A Unique Study: Identifying Flying Airplanes Over a Very Large Region Using 10m-Resolution Sentinel-2 Satellite Imagery
Important airport features, such as airplanes, runways and terminals (buildings), are routinely monitored by high-resolution aerial and satellite imagery. But flying airplanes can only be observed occasionally due to the relatively small swath associated with each high-resolution image scene.
This post discusses the potential of medium-resolution satellite imagery (10m-resolution Sentinel-2) for identifying many flying airplanes over a very large region.
Spatial Resolution and Airplane Identification
The dimension of some most common passenger airplanes is shown here:
- Airbus A320: 37.57 m(length) x 35.8 m(wingspan)
- Boeing 747–400: 70.6 m (length) x 64.4 m (wingspan)
Obviously, low-resolution imagery cannot capture airplanes of these sizes and a finer spatial resolution is a must. But, which resolution level would be the limit for the airplane identification in imagery? Let’s take an example first, and compare the 10m-resolution Sentinel-2 imagery with the 15m-resolution Landsat-8 imagery (both are freely available), for the London Heathrow Airport (Figure 1):
Through this comparison in Figure 1, it is fair to say that the 15m-resolution Landsat-8 imagery is over stretched for identifying airplanes, whereas the 10m-resolution Sentinel-2 imagery can still record sharp and clear shapes of common passenger airplanes resting on airport fields. If the size of an airplane (e.g. small private jets) is too small, obviously the Sentinel-2 imagery would not be useful. The spatial resolution of the imagery is the first most important factor for identifying airplanes, be they resting or flying.
Identifying Flying Airplanes from Sentinel-2 Imagery
Modern satellite sensors, such as Sentinel-2 multi-spectral instrument (MSI), often use a push-broom design, and the imagery for each spectral band (e.g. blue, green, and red) is captured with a very minor delay in time. For fast moving objects on the ground (e.g. cars on freeway) or in the air (e.g. airplanes), the pixel position of the same object is actually slightly shifted from one band to another. Figure 2 shows such an example with three airplanes identified each in a different moving stage (still from the same Sentinel-2 imagery for the London Heathrow Airport):
- Taking off
This is a generic feature for the new Sentinel-2 imagery, but not the Landsat-8 imagery. We explore another Sentinel-2 imagery tile for more vivid examples (Figure 3). Given the identified flying trajectories, relative pixel shifts of flying airplanes across bands (in this case, red/green/blue natural color bands), and the known sensor metadata (such as height, viewing incidence angle, travelling speed and acquisition time gaps across bands), one may be able able to estimate the speed of flying airplanes.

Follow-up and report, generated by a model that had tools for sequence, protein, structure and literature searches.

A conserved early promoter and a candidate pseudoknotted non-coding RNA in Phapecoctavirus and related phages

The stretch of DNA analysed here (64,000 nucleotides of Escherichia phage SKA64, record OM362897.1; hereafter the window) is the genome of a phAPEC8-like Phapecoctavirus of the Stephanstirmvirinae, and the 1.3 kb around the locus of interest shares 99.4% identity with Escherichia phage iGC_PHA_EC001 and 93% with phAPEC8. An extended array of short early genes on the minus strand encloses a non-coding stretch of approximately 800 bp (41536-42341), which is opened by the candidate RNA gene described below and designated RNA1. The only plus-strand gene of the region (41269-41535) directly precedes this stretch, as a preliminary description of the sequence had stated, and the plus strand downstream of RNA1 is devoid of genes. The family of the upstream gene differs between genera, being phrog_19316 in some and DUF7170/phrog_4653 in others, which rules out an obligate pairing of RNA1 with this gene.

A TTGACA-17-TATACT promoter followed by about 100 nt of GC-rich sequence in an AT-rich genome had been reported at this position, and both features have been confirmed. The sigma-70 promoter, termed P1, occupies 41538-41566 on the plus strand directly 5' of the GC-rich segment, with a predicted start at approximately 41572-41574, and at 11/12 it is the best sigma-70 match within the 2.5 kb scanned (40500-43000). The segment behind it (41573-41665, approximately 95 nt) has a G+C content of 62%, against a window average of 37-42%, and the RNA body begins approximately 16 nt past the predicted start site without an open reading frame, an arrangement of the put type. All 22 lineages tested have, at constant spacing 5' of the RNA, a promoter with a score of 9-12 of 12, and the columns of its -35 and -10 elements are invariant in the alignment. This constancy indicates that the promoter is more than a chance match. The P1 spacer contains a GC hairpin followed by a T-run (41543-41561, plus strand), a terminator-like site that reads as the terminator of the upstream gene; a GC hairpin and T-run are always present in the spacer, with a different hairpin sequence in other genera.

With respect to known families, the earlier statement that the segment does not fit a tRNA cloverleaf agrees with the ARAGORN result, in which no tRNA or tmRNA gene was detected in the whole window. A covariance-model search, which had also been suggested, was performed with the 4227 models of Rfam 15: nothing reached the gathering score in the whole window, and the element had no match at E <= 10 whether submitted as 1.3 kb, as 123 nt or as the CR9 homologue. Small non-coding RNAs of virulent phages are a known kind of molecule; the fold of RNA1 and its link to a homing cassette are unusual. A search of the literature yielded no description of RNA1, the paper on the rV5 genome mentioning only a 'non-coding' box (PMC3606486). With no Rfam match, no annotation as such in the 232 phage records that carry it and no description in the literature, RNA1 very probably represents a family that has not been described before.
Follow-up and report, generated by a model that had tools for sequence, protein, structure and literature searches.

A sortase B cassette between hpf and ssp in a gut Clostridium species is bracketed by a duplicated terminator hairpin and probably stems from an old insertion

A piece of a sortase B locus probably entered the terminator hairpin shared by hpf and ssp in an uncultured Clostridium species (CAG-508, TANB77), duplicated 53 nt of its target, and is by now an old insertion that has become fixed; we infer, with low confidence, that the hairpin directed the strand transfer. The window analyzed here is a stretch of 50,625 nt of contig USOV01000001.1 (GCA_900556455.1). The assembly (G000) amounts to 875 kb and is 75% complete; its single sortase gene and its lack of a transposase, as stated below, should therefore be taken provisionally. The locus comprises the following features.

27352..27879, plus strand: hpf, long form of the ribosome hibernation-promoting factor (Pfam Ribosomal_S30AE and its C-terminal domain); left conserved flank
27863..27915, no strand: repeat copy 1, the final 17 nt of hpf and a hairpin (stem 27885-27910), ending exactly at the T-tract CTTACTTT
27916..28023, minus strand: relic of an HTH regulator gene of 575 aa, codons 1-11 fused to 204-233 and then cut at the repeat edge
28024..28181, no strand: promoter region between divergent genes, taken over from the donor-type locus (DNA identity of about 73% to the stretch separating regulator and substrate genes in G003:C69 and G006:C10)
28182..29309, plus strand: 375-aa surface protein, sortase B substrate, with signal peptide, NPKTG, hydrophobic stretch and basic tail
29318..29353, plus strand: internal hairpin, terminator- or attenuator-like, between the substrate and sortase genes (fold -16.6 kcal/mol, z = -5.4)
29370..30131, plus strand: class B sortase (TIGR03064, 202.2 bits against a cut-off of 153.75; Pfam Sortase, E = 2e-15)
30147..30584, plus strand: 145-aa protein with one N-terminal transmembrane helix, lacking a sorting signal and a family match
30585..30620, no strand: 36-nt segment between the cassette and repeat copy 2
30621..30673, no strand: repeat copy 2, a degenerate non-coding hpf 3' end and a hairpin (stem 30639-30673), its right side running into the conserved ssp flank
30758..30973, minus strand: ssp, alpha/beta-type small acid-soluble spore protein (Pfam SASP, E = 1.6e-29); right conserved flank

A few more examples from other international airports are shown below:
- Paris: Charles de Gaulle Airport (Figure 4)
- San Francisco: San Francisco International Airport (Figure 5)
- Osaka: Kansai-Airport Station (Figure 6)
Applications: Identifying Many Airplanes Over a Very Large Region Using 10m-Resolution Sentinel-2 Imagery
Sentinel-2 satellite has a very wide swath (290 km) and a high frequent revisit interval (5 days at the Equator once the twin satellite is to be lunched and operational in 2016/2017). These features, along with the fine spatial resolution of 10 m (for three visible bands and a near infrared band), enable its potential application for identifying airplanes over a very large region. Figure 7 compares swath width among Sentinel-2, Landsat-8, and WorldView-3; in terms of scene sizes, a Sentinel-2 scene can cover ~490 times more areas than that of a very high-resolution WorldView-3 scene.
Taking a recent Sentinel-2 tile (about 100 km by 100 km in size) near the Istanbul Ataturk Airport as an example, we can easily identify many flying airplanes (Figure 8). It is done by manual interpretations, a method that is acceptable for this type of special applications. The classified result might be useful for documenting and investigating air traffic, and complementary to near real-time air traffic mapping (e.g. Flightradar24).
(A side comment: For automated feature classification from such imagery sources, modern methods such as artificial intelligence and machine learning are being actively explored these days, but their classification effectiveness and accuracy still need to be more openly and critically evaluated case by case by professional peers.)
A zoomed view is shown in Figure 9, and its full resolution (10 m) picture can be downloaded here.